Scott Walker’s Collapse Means School Is Still Cool

Governor Scott Walker dropped fast. According to the conservative Weekly Standard, Walker led the field of GOP presidential hopefuls in April, dropped to second in August, then plummeted to last place in no time flat. Why? Perhaps his campaign collapse proves that conservative voters do not hate the devils of public education as much as Walker (and I) thought.

Maybe school bashing's not enough...

Maybe school bashing’s not enough…

Walker had built his national reputation on a consistent diet of education-bashing. He famously attacked teachers’ unions. More than that, though, he blasted lazy university professors. Perhaps most uniquely, he himself had never completed college, having dropped out to pursue more worthwhile goals.

Make no mistake. As a voter and a teacher and a lazy college professor, I’m glad to see Walker crumble. But as an historian, I’m surprised. Whatever his faults, I thought Walker had shown some savvy in following a conservative script with nearly a century of success behind it.

SAGLRROILYBYGTH know the story, but for new folks, here’s a quick history lesson: When Governor Reagan was elected president, his first decorating move was to put a large portrait of Calvin Coolidge in the Oval Office. Reagan, after all, modeled himself after Coolidge’s brand of small-government conservatism.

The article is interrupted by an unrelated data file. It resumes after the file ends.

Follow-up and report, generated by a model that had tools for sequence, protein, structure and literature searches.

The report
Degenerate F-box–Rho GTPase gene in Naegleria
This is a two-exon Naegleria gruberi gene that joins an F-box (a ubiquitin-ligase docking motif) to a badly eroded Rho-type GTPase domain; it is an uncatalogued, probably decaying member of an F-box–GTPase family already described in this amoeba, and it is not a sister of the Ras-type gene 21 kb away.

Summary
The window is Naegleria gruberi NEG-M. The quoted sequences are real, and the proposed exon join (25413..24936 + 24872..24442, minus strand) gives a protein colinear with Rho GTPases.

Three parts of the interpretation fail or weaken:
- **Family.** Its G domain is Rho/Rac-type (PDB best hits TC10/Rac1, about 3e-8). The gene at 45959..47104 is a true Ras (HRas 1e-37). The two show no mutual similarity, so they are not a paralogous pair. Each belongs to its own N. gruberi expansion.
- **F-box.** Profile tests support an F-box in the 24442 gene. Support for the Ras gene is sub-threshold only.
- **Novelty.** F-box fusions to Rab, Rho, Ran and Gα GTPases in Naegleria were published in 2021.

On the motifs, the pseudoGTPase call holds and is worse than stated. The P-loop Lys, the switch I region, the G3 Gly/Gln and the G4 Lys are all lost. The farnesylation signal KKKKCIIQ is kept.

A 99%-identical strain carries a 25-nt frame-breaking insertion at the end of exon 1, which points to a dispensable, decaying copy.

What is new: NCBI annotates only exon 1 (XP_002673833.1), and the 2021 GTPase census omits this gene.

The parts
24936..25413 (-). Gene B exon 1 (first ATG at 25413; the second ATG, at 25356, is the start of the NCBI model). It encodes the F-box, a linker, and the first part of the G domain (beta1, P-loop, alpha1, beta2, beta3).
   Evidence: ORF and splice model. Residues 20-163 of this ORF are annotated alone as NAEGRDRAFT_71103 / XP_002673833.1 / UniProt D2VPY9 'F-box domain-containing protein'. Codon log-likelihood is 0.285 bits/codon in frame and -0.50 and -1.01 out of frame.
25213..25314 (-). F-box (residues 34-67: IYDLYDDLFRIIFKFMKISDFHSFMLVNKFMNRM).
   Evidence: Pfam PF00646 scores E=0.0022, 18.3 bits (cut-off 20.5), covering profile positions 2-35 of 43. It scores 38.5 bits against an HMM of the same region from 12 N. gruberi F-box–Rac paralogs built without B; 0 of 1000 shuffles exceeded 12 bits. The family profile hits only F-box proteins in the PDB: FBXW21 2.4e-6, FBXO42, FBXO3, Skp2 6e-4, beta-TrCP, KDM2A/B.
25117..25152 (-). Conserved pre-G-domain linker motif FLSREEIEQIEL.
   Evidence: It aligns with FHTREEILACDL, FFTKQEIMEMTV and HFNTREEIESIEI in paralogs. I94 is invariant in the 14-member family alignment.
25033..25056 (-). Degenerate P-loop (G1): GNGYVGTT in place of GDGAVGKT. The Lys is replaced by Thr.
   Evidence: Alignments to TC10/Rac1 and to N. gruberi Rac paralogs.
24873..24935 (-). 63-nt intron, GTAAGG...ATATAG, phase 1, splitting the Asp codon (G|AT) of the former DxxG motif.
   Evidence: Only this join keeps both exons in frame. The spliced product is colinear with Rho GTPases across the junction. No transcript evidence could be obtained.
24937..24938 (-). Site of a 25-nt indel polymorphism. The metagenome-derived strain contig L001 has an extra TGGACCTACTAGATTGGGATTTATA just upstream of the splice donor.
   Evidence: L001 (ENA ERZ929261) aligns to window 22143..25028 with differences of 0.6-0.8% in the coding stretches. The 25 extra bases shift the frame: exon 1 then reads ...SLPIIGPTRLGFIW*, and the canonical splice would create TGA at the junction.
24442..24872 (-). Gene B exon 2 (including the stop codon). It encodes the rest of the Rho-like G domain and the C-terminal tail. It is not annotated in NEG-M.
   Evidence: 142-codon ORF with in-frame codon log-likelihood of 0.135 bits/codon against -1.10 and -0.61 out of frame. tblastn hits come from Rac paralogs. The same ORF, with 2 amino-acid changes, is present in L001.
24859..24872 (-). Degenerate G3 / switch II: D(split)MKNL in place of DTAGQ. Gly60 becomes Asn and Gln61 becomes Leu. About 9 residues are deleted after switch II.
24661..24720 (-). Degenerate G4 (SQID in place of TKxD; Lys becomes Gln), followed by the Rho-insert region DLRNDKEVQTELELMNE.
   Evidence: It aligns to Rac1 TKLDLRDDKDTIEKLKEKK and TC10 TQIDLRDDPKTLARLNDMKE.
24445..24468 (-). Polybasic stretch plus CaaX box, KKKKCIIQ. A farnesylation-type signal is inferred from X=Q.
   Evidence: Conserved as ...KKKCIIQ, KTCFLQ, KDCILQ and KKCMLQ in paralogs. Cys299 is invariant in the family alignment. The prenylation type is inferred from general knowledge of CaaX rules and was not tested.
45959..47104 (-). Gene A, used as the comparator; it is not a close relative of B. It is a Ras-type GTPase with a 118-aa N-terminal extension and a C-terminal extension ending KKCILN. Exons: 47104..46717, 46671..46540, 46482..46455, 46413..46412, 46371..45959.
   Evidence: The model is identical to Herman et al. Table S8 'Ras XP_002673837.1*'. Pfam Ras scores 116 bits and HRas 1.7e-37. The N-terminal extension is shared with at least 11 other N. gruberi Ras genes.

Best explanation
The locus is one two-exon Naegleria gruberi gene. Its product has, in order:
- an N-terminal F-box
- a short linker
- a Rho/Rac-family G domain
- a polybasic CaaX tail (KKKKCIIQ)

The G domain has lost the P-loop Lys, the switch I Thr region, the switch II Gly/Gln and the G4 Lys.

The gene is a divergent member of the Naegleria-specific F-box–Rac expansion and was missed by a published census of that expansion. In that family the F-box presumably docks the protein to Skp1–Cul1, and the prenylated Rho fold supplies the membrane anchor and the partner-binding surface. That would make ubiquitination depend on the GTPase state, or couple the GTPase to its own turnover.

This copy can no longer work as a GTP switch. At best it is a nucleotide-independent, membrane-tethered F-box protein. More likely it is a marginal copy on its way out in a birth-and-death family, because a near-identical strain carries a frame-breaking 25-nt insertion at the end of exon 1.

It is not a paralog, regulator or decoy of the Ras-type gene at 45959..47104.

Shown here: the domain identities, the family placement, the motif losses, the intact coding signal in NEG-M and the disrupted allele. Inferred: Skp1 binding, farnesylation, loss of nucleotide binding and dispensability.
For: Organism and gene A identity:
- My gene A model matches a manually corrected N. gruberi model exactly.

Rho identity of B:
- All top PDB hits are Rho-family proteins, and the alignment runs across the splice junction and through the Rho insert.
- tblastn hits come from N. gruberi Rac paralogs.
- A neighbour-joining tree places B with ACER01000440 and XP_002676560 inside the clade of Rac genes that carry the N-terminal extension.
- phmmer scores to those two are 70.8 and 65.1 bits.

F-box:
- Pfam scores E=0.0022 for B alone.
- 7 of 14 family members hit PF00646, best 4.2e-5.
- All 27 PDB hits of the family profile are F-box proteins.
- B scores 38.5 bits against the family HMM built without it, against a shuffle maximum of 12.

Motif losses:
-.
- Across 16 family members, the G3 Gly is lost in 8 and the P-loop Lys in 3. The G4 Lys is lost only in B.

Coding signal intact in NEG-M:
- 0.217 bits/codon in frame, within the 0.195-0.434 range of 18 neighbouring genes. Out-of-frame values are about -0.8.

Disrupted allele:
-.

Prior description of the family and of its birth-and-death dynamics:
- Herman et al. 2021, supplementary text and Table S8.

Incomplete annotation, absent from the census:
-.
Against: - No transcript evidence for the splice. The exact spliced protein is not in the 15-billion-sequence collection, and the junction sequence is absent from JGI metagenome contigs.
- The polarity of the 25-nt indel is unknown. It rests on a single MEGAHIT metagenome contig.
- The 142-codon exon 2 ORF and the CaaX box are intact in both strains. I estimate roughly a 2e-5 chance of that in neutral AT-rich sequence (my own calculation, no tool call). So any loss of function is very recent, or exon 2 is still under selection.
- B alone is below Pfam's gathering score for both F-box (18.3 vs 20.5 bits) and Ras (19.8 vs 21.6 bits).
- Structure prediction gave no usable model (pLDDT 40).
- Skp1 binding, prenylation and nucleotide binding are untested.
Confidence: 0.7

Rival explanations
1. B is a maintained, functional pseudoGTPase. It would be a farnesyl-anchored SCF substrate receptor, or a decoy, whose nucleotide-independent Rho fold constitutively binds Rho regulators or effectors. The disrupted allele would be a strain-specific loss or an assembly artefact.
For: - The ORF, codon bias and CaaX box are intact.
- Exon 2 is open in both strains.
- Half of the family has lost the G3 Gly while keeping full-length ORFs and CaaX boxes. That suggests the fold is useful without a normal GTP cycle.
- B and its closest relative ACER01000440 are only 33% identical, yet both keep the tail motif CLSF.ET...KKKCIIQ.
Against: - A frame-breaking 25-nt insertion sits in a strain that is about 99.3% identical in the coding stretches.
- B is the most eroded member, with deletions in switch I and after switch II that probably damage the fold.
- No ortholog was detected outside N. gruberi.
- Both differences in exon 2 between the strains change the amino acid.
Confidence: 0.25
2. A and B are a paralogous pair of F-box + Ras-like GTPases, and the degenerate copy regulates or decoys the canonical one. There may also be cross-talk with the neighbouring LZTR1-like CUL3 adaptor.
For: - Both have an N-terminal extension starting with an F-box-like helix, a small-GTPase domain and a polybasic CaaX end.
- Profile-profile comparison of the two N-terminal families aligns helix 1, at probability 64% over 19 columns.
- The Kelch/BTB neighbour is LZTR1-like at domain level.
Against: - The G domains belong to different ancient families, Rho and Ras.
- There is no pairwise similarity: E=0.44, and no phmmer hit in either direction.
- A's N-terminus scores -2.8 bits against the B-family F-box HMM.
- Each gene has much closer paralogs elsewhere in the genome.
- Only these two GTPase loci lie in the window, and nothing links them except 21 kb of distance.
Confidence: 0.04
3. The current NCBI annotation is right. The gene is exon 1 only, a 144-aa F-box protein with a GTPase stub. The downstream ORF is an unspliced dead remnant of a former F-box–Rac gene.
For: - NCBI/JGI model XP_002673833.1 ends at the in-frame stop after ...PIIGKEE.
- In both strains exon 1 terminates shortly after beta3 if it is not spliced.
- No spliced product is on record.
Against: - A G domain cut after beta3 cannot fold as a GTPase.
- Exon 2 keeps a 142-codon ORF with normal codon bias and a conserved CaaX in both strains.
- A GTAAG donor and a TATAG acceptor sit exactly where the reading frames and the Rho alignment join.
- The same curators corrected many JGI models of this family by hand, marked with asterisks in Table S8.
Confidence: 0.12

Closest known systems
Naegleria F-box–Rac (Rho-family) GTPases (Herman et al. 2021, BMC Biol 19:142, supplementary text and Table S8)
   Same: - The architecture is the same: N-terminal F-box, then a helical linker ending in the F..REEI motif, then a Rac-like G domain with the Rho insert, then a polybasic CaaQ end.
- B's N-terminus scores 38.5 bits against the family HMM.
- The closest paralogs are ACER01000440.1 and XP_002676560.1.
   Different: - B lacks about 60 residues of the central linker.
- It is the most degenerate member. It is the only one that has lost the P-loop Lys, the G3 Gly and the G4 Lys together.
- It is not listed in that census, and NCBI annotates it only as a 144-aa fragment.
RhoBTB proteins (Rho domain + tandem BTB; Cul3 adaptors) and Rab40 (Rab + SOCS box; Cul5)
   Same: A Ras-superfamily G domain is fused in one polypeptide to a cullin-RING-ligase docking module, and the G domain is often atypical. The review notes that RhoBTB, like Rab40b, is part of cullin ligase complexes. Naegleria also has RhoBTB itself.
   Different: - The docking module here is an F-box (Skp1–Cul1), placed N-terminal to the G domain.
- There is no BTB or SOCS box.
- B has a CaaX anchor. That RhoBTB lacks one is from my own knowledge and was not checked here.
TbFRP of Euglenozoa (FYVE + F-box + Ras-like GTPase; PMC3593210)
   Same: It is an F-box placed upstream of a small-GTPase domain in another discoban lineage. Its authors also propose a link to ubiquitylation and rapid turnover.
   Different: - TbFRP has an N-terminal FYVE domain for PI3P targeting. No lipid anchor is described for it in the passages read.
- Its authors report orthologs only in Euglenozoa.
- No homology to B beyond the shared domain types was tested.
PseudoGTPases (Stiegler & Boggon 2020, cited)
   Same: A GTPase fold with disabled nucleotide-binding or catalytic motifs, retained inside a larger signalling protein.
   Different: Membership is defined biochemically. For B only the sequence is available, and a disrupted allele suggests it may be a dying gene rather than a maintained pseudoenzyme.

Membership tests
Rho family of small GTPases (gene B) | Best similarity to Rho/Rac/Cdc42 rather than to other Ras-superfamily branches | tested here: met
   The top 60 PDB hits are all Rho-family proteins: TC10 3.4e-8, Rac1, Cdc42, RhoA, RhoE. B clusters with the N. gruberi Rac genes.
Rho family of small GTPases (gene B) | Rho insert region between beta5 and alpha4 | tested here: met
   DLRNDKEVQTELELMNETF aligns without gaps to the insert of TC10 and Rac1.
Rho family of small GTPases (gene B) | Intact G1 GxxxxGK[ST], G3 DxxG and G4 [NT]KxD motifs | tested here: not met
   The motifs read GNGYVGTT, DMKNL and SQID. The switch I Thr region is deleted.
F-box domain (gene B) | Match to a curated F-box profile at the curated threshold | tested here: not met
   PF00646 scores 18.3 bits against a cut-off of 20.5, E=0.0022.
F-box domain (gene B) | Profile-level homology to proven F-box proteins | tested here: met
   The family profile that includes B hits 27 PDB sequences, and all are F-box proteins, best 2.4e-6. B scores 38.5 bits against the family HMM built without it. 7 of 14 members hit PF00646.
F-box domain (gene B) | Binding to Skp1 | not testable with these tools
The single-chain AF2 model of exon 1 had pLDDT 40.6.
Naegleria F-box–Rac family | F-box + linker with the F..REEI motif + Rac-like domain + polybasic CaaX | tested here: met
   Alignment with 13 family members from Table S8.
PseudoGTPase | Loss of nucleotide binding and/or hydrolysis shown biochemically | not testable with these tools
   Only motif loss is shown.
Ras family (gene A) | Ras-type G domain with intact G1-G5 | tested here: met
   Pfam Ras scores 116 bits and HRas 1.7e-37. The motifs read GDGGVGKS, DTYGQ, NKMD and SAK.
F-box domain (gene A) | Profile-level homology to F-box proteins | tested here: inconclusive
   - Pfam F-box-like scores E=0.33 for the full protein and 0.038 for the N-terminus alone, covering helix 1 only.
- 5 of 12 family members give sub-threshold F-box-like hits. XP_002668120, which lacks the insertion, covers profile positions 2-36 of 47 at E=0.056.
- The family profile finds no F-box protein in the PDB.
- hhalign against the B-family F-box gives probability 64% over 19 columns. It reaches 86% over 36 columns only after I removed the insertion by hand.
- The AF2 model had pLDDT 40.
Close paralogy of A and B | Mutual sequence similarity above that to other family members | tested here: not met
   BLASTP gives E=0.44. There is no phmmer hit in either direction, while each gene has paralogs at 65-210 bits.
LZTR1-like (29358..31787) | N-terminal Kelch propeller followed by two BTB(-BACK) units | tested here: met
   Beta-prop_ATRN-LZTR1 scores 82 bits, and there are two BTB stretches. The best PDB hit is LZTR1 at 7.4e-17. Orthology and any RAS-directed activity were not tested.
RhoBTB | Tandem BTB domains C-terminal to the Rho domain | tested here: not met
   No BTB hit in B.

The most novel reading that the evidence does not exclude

Coolidge had come to national prominence for his stern opposition to a police strike in Boston. Reagan, too, made his bones by combatting an air-traffic controllers’ strike.

I thought Walker could win by using the Coolidge playbook. I thought his union-bashing policies were terrible, but I thought they would win.

We were both wrong. Walker went from conservative hero to zero practically overnight.

Why? There might be education-related reasons other commentators have missed. Maybe GOP voters really don’t hate public-school teachers as much as people think they do. Maybe GOP voters expect their candidate to have a college degree. Could it even be—perish the thought—that voters don’t hate university professors as much as Governor Walker thought they did?

Conservative pundits offer different reasons. Jonathan Last at the conservative Weekly Standard found Walker’s collapse “shocking.” Unlike other meltdowns, Walker’s campaign had suffered no embarrassing gaffes or scandals. Walker had real credentials, so his early front-runner standard was not a fluke. Last concluded that Walker’s loss was likely due to the weirdly broad field of candidates this year and to Donald Trump’s “disruption” of the nominating process.

Over at the progressive Nation, John Nichols focused instead on Walker’s tired and unpopular anti-unionism. As Nichols put it,

A lot of Republican voters work for a living, and a substantial number of them are union members. While grassroots conservatives have been instructed by corporate America’s amen corner in the media to be angry with unions and living wages and teachers and public employees, they have never been so enthusiastic in that anger as the billionaires who seek to build their empires on a foundation of income inequality and wage stagnation.